The mother of a Greenwood murder victim is angry after learning a police officer who was blamed for the 2017 mistrial of her daughter’s alleged killer may be promoted back to a detective’s role.
“I need help with this situation. I’m reliving my daughter’s murder case every day. No justice is being done,” said Trevia Foreman, a Leflore County native who now resides in Memphis.
Her daughter, Lakeyla Broom, a hospice nurse and mother of three, was stabbed multiple times in her West President Avenue residence in September 2014. She was 29 at the time of her death.
The Greenwood Police Department accused Lakeyla’s husband, Edward Broom, of the murder.
Lt. Jeri Bankston of the Police Department was the chief investigator on the case as well as the prosecution’s lead witness at Broom’s first-degree murder trial during the fall of 2017.
Two days into testimony from the prosecution’s witnesses, Circuit Judge Carol White-Richard declared a mistrial after discovering Bankston had been texting then Assistant District Attorney Trish Rodgers while Bankston was still on the witness stand.
Ultimately, White-Richard threw out the murder indictment, citing prosecutorial misconduct, and ruled that Broom could not be tried again because it would violate the constitutional ban on double jeopardy.
Broom was released in February 2018 after spending two years behind bars in the Leflore County Jail.
At the time of the mistrial, Police Chief Ray Moore said Bankston would face an internal disciplinary action for her conduct on the stand. Although at the time he did not specify what the punishment would be, Mayor Carolyn McAdams said Friday that Bankston had been demoted to a patrol officer.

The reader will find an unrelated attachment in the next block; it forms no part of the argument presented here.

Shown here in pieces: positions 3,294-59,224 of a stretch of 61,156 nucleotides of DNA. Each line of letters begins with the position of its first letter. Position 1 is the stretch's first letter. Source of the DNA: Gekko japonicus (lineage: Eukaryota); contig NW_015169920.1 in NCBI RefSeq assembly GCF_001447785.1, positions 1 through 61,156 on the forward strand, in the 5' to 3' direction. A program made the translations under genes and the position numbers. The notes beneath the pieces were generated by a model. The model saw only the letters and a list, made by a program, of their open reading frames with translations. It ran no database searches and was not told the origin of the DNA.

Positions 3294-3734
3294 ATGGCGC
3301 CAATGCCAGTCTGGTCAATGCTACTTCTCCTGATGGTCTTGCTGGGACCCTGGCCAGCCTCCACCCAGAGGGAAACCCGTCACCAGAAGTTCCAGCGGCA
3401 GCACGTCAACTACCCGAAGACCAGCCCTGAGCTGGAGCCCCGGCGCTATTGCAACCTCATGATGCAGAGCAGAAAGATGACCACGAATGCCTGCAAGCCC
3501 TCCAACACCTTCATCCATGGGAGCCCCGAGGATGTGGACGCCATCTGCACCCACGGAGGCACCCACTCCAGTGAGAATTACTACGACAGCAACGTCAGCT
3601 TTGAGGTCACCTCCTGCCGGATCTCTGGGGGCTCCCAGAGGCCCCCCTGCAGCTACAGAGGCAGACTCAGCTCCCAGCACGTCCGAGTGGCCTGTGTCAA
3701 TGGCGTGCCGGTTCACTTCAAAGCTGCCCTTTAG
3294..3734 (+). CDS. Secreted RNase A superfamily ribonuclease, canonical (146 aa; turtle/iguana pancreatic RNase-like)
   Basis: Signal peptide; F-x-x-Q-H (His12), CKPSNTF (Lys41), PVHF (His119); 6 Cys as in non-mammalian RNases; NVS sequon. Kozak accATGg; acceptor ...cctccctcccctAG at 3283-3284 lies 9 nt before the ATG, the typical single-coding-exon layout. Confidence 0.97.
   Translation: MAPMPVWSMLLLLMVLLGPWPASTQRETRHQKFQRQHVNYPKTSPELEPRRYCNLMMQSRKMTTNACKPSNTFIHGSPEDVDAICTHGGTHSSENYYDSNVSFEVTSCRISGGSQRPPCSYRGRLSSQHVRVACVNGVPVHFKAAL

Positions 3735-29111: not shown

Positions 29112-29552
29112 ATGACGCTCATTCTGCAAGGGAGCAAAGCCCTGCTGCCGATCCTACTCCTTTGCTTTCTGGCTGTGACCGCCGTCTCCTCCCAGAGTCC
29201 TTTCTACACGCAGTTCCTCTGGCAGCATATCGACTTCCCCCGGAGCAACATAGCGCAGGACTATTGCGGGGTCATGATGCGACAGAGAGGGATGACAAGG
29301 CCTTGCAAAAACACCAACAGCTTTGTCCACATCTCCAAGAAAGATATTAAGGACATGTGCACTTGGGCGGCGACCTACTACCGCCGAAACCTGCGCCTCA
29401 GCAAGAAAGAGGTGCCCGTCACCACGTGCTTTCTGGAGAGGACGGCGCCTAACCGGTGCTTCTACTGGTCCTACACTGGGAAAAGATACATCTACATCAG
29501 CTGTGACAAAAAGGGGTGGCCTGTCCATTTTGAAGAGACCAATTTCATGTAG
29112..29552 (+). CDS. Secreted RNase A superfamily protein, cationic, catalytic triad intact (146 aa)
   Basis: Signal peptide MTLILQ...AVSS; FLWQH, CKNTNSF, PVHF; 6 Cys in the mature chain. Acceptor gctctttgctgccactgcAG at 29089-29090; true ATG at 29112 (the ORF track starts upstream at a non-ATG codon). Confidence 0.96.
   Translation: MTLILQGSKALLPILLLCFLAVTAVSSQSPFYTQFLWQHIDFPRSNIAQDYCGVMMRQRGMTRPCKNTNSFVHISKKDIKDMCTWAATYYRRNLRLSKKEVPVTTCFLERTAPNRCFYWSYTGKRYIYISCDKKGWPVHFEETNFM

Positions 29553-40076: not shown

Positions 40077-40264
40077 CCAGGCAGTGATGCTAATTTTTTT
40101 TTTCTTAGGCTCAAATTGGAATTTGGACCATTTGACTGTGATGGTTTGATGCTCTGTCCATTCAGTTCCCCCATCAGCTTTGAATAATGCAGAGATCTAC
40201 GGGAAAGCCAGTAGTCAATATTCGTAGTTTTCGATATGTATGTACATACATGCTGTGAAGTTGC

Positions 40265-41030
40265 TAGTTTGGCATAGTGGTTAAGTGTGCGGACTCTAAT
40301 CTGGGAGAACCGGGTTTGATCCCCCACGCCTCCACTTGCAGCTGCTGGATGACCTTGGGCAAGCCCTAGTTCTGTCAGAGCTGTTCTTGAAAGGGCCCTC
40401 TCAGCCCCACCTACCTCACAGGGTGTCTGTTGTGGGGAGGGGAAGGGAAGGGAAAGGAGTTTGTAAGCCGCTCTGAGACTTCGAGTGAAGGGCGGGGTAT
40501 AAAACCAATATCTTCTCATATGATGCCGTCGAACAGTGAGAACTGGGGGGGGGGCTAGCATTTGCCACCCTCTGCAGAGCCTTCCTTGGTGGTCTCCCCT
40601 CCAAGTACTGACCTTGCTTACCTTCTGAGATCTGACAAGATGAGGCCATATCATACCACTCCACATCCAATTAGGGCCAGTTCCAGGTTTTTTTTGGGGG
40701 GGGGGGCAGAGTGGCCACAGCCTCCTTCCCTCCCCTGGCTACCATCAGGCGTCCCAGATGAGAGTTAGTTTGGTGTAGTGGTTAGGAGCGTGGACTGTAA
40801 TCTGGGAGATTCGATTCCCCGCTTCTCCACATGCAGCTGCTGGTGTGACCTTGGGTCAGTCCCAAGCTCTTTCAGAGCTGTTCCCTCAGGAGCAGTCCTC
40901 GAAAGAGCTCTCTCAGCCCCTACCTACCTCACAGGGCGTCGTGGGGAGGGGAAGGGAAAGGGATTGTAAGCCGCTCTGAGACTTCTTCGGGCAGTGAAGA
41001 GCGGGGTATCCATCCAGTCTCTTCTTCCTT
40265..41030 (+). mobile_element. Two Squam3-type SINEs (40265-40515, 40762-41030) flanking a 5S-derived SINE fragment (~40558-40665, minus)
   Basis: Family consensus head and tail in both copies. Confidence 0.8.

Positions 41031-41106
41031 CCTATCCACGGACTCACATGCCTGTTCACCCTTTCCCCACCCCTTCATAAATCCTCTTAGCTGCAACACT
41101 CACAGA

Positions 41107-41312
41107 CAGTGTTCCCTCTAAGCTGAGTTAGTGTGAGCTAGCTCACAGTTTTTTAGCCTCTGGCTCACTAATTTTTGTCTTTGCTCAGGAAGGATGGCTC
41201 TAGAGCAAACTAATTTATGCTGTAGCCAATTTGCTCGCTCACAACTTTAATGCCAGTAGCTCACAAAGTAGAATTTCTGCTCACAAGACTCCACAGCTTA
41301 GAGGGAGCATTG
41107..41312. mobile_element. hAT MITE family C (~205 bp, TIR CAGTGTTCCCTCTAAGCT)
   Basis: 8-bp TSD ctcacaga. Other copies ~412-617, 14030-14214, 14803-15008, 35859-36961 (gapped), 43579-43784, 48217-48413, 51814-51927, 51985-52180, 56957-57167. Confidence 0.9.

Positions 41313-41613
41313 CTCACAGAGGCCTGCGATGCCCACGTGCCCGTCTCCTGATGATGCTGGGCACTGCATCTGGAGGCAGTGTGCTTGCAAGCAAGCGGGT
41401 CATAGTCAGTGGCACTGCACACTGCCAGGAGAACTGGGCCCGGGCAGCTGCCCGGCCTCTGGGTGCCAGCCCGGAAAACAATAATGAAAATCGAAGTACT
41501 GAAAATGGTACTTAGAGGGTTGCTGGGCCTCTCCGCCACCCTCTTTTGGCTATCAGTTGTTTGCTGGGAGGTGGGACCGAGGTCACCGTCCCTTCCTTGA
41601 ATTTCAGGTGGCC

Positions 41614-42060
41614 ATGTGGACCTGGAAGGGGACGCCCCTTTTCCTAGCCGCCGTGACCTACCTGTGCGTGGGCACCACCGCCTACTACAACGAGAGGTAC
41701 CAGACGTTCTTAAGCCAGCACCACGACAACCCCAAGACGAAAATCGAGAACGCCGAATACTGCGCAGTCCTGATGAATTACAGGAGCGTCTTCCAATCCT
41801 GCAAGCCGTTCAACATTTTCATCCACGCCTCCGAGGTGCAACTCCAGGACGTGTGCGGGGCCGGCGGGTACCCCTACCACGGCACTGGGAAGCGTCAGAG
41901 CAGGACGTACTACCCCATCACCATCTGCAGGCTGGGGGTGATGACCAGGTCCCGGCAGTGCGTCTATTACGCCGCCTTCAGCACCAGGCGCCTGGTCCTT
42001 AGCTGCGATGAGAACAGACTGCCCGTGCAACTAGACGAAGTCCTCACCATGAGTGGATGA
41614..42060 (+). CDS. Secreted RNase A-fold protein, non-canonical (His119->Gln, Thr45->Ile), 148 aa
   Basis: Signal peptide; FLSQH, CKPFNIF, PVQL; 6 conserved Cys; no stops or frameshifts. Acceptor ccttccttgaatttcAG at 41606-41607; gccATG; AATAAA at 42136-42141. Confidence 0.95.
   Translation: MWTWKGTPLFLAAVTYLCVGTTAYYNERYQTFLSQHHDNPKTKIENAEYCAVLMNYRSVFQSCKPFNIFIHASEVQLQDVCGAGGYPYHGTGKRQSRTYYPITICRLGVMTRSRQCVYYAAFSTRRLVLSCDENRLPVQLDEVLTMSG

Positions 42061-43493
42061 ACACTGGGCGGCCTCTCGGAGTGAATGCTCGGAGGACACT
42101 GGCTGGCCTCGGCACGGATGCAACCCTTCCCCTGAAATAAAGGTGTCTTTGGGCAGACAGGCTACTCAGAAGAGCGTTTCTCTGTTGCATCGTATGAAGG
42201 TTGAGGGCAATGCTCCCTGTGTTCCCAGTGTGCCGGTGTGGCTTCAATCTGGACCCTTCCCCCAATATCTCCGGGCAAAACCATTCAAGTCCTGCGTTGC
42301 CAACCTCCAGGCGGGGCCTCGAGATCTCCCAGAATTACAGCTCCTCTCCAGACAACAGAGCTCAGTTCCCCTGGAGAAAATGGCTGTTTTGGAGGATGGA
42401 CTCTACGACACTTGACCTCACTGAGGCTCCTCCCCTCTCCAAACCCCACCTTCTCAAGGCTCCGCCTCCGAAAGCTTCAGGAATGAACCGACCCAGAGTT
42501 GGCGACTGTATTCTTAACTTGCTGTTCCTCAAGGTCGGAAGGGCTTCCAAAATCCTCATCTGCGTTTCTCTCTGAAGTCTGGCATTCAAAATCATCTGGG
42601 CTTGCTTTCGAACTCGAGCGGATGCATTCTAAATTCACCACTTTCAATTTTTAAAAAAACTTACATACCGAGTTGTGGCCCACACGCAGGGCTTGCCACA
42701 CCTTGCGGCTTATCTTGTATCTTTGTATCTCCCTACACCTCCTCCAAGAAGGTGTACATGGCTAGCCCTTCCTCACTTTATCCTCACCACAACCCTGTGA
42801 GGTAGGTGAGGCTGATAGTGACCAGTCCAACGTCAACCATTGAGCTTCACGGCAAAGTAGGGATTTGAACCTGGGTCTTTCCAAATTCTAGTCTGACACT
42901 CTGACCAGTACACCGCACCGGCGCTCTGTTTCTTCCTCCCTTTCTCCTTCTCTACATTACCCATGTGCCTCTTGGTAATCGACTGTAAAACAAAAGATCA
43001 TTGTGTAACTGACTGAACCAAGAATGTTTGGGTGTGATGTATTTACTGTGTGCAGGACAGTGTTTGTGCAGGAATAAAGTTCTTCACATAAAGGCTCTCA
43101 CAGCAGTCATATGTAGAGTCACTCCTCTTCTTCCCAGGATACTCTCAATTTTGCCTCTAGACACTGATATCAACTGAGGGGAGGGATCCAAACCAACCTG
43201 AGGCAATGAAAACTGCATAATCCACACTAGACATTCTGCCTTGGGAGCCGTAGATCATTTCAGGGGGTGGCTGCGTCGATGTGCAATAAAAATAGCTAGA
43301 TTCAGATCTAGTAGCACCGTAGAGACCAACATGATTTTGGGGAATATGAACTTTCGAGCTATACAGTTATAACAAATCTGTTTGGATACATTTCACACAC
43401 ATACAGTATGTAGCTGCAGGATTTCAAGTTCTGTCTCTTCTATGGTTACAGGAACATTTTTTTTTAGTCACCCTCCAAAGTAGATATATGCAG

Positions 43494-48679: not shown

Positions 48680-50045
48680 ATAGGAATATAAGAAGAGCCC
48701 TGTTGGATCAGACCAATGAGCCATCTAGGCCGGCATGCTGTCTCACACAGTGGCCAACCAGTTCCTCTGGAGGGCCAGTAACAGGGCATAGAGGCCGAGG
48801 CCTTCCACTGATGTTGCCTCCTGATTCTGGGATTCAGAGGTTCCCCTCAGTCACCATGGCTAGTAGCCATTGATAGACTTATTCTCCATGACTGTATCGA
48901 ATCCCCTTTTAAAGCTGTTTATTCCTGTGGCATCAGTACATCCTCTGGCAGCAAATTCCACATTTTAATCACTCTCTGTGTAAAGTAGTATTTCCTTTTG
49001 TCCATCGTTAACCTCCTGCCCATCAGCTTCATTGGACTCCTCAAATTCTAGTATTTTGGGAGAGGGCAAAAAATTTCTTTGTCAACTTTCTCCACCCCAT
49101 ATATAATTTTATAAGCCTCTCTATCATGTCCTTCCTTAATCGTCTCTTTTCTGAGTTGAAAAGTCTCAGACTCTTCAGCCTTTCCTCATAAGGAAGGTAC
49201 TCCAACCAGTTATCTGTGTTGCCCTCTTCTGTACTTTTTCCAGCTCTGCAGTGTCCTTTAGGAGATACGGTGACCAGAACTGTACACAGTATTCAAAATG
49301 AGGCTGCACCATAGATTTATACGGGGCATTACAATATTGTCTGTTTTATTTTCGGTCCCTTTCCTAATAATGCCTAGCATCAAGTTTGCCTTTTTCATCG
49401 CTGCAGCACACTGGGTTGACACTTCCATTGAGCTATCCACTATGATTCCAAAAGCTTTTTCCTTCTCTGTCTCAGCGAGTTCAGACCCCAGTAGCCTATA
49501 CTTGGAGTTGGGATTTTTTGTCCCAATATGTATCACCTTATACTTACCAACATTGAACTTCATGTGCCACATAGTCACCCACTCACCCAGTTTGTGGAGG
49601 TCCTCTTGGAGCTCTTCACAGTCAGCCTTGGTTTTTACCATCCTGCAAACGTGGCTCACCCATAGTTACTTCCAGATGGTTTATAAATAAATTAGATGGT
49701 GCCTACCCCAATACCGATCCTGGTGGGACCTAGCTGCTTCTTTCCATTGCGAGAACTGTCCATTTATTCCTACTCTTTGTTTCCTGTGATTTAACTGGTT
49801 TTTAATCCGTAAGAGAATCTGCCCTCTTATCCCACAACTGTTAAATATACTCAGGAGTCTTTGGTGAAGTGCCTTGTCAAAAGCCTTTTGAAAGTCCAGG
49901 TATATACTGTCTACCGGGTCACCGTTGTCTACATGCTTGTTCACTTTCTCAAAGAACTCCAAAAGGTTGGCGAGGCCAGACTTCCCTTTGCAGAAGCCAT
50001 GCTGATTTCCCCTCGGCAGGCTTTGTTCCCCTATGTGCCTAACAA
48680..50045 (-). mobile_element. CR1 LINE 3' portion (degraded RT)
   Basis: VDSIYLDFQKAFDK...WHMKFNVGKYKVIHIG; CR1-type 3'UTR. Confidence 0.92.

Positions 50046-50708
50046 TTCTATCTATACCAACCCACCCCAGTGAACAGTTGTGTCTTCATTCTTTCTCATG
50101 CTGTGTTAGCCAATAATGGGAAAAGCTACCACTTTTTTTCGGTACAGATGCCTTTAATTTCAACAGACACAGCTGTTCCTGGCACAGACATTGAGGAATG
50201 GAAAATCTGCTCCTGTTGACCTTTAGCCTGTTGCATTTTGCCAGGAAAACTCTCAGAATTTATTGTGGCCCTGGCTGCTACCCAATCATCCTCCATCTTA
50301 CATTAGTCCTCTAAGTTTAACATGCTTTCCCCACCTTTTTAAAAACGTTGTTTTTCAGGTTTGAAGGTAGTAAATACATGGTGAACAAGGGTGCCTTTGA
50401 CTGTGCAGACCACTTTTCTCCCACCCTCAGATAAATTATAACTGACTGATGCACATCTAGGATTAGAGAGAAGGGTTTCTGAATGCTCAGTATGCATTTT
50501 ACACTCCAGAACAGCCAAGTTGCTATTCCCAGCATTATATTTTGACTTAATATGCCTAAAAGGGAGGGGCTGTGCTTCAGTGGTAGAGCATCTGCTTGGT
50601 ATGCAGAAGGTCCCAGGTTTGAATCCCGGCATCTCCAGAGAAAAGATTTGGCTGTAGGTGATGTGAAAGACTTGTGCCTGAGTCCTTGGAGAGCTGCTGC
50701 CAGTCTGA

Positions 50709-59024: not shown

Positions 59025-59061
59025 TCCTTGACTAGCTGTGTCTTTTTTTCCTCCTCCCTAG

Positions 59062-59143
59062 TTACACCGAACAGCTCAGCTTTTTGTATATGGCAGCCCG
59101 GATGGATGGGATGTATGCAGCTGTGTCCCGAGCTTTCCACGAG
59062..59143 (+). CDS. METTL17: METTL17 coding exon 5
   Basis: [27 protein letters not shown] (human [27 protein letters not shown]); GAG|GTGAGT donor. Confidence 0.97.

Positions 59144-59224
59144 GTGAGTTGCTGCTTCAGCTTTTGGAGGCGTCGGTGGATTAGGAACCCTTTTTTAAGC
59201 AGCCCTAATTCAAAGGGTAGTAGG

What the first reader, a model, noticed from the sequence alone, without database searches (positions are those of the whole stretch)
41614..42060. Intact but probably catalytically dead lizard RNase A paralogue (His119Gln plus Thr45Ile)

Foreman said she first learned on Facebook Friday morning of Bankston’s possible reinstatement as a detective.
She then called Moore, who, she said, verified the rumor. She said that Moore told her Bankston would not be assigned to investigate murder cases.
When contacted later Friday by the Commonwealth, Moore acknowledged speaking with Foreman but declined to confirm or deny whether Bankston was being promoted.
“I don’t discuss personnel issues,” he said.
McAdams subsequently confirmed, however, that Foreman’s information was accurate about Bankston.
“I’m thinking about putting her back on the detective office,” the mayor said, adding that she had spoken with Moore in the past to have him reassign Bankston as a detective.
“She’s a good detective, and they’re hard to find,” McAdams said.
“She’s paid her dues.”
Foreman begs to differ.
“Ms. Bankston has moved on with her life and is still getting promotions. I don’t think that’s fair to me or my child,” Foreman said.
“I want justice for my daughter.”
Foreman said she didn’t want Bankston fired, as she said everyone needs a job, but to let her remain as a patrol officer.
• Contact Gerard Edic at 581-7239 or firstname.lastname@example.org.
The original version of this article incorrectly reported that the texting by Jeri Bankston had occurred after she has finished testifying. It occurred during a break in testimony but while she was still on the witness stand.